Title:
Baseball/softball batter training device
Kind Code:
A1


Abstract:
A practice device for training baseball players, softball players, and umpires. The device trains batters to help the batter identify when to swing or not swing at a pitched based on a combination of what the ball-strike count is on the batter and where the pitched ball will pass through the strike zone for that batter.



Inventors:
Edmondson, James Duane (Saint Charles, MO, US)
Application Number:
12/592111
Publication Date:
03/25/2010
Filing Date:
11/19/2009
Primary Class:
Other Classes:
473/451, 473/456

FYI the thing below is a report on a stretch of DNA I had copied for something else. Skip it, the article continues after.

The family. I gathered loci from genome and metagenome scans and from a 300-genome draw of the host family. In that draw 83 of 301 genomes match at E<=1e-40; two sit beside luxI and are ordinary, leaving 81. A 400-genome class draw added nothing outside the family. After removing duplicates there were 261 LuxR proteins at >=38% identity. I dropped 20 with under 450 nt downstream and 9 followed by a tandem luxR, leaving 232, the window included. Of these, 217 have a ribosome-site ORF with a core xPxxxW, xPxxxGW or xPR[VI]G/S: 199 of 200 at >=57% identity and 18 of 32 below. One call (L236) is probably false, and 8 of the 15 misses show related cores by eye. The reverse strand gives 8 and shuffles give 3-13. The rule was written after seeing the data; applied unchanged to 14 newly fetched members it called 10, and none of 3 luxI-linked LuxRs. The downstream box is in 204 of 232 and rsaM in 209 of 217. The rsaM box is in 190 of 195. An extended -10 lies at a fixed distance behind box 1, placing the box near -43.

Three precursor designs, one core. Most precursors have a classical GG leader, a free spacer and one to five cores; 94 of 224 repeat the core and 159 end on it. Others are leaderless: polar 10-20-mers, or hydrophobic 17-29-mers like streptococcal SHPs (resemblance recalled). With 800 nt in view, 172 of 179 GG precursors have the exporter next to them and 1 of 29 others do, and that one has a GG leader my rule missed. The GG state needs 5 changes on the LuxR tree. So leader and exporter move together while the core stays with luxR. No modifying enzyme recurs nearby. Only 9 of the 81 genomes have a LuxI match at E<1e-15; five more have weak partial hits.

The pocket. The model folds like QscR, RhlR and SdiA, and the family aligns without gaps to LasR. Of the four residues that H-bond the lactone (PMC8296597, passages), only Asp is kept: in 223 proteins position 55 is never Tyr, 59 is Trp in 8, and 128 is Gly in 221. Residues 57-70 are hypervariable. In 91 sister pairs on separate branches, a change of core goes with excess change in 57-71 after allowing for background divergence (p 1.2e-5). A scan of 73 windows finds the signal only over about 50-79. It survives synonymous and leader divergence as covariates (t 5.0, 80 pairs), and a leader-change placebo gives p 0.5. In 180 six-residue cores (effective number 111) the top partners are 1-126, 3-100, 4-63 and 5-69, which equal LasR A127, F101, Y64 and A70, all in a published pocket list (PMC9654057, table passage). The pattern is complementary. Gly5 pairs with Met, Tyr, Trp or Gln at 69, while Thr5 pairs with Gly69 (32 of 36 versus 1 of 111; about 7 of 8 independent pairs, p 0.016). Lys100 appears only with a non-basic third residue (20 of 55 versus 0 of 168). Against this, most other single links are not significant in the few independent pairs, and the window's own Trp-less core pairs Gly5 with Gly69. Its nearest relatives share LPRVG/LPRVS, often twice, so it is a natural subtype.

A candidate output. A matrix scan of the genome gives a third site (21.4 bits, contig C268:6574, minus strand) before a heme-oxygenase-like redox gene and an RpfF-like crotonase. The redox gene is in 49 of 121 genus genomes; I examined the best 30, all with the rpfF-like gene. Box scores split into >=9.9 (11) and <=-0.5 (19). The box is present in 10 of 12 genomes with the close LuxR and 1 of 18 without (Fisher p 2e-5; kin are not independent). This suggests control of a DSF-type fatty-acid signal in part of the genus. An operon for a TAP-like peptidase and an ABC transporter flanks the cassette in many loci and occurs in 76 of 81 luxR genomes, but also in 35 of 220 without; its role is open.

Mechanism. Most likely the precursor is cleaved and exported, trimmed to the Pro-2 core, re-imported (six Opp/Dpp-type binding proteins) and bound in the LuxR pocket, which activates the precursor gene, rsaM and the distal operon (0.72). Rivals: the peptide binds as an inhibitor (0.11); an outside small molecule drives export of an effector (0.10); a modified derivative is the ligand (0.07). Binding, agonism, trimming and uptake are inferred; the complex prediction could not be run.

International Classes:
A63B69/00
View Patent Images:
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Primary Examiner:
KLAYMAN, AMIR ARIE
Attorney, Agent or Firm:
The Law Office of Douglas E. Warren, LLC (Steelville, MO, US)
Claims:
What is claimed is:

1. A training device comprising: a backstop frame; a plurality of colored hitting zone indicators disposed on the backstop frame wherein the plurality of colored hitting zone indicators denotes a specific hitting zone; a simulated bat handle; a simulated ball; and a scoring device disposed on the backstop frame that assists in keeping score of at least one of either a good hitting decision or a bad hitting decision.

2. The training device of claim 1 wherein at least one of either the good hitting decision or the bad hitting decision includes using the simulated bat handle to one of either swing or not swing at the simulated ball when the simulated ball is thrown against the plurality of colored indicators.